Art and Being in the Garden of Ryōan-ji

Southwest Ambulatory
February 5–June 23, 2019



The dry landscape garden at the Ryōan-ji Zen Buddhist temple in Kyoto, Japan, inspired artists from the 1950s onward. For avant-garde artists like John Cage and Takahiko Iimura, the garden became a focus for artistic interrogations of random chance, mindfulness, and perception. For Japanese printmakers Saitō Kiyoshi, Sekino Junichirō, and Ray Morimura, the garden’s minimalist geometry lent itself to works rooted in pure modernist abstraction, which downplayed any religious or philosophical content. The exhibition features a recording of a composition by John Cage performed by students from Oberlin’s Conservatory of Music.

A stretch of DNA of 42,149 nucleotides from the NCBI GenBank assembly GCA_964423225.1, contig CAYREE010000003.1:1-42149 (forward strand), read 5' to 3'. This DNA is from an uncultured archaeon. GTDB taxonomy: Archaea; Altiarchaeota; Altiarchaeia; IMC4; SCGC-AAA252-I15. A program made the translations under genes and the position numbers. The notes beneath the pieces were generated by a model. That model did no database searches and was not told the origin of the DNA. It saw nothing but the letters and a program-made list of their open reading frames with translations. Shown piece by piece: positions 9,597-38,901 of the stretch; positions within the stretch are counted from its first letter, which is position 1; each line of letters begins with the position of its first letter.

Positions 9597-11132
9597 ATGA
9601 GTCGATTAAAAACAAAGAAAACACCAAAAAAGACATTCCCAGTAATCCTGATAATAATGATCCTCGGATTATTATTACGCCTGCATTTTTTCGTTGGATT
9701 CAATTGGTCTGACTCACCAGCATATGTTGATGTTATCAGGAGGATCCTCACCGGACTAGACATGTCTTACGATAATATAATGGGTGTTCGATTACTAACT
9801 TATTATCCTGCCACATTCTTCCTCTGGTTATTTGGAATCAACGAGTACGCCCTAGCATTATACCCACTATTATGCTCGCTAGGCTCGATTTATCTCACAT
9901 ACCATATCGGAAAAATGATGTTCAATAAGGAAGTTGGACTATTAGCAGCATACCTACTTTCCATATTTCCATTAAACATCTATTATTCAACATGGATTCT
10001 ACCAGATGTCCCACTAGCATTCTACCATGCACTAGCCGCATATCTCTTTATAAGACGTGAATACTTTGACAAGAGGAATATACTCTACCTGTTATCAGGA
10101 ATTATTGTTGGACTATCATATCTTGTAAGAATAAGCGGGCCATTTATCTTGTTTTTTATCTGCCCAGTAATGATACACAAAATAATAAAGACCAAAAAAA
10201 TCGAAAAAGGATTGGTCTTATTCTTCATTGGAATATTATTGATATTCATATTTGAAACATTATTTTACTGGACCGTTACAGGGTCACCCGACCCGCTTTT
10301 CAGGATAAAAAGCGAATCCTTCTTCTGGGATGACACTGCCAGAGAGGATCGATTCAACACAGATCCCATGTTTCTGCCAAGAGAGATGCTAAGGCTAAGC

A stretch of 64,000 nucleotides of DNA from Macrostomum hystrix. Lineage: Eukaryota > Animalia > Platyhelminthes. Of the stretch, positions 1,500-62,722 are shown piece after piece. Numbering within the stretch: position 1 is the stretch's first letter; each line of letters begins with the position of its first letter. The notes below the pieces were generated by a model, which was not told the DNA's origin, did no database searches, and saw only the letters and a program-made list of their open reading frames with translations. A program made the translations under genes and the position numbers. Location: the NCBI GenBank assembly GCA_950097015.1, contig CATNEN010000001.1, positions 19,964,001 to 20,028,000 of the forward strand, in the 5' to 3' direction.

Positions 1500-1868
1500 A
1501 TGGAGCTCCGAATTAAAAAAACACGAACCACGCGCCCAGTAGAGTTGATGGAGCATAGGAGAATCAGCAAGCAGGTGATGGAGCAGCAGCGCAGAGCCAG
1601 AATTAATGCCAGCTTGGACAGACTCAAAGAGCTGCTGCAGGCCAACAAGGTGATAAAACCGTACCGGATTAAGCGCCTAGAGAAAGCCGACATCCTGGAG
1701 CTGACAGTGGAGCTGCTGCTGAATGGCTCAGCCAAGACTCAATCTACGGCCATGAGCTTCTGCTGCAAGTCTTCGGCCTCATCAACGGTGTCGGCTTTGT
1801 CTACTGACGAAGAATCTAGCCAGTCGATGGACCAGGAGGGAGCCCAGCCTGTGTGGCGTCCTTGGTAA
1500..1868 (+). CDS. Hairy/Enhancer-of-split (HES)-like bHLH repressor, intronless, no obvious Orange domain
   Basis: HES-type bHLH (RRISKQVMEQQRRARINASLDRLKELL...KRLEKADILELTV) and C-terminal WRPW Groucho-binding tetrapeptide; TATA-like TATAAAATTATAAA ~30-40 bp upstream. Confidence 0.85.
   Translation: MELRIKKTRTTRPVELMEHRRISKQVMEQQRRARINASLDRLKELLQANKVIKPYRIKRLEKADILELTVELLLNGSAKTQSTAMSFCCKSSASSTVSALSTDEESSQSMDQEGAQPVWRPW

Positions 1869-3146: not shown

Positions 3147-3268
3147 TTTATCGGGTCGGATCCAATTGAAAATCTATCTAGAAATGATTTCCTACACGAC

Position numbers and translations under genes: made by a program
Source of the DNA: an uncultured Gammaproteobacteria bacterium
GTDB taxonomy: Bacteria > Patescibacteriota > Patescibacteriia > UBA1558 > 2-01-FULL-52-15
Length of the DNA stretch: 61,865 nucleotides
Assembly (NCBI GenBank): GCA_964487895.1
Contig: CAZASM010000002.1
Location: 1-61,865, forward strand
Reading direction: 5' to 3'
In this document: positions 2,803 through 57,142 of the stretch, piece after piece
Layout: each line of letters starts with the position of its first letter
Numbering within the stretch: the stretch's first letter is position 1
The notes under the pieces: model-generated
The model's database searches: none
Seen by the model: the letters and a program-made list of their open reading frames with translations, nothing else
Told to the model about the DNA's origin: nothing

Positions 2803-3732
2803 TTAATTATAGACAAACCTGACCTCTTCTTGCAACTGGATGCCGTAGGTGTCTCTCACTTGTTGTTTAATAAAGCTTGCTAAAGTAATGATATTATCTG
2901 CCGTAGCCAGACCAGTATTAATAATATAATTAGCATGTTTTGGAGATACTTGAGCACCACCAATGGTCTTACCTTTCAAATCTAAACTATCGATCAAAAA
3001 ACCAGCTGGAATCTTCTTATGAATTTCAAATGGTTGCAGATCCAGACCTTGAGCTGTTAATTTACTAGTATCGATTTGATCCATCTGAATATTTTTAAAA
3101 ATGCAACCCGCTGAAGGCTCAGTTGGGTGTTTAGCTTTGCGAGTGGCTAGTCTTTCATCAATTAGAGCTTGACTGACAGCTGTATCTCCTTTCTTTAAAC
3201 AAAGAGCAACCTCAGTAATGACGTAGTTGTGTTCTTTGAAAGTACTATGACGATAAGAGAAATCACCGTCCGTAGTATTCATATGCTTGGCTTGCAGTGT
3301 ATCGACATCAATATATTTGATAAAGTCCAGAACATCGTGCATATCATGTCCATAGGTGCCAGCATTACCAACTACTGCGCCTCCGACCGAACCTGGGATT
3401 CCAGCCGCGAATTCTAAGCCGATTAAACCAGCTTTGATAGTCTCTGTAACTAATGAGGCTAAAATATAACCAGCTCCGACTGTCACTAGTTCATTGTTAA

Organized by Kevin R.E. Greenwood, Joan L. Danforth Curator of Asian Art.

Image:
Top:
John Cage (American, 1912–1992)
R 2 [superscript] 1 [subscript] (Where R=Ryoanji), 1983
Etching
Friends of Art Fund, 1983.29.1

Bottom:
Sekino Junichirō 関野準一郎 (Japanese, 1914–1988)
The Stone Garden, ca. 1965
Color woodblock print
Gift of Dr. Sanford L. Palay (OC 1940), 1999.3.27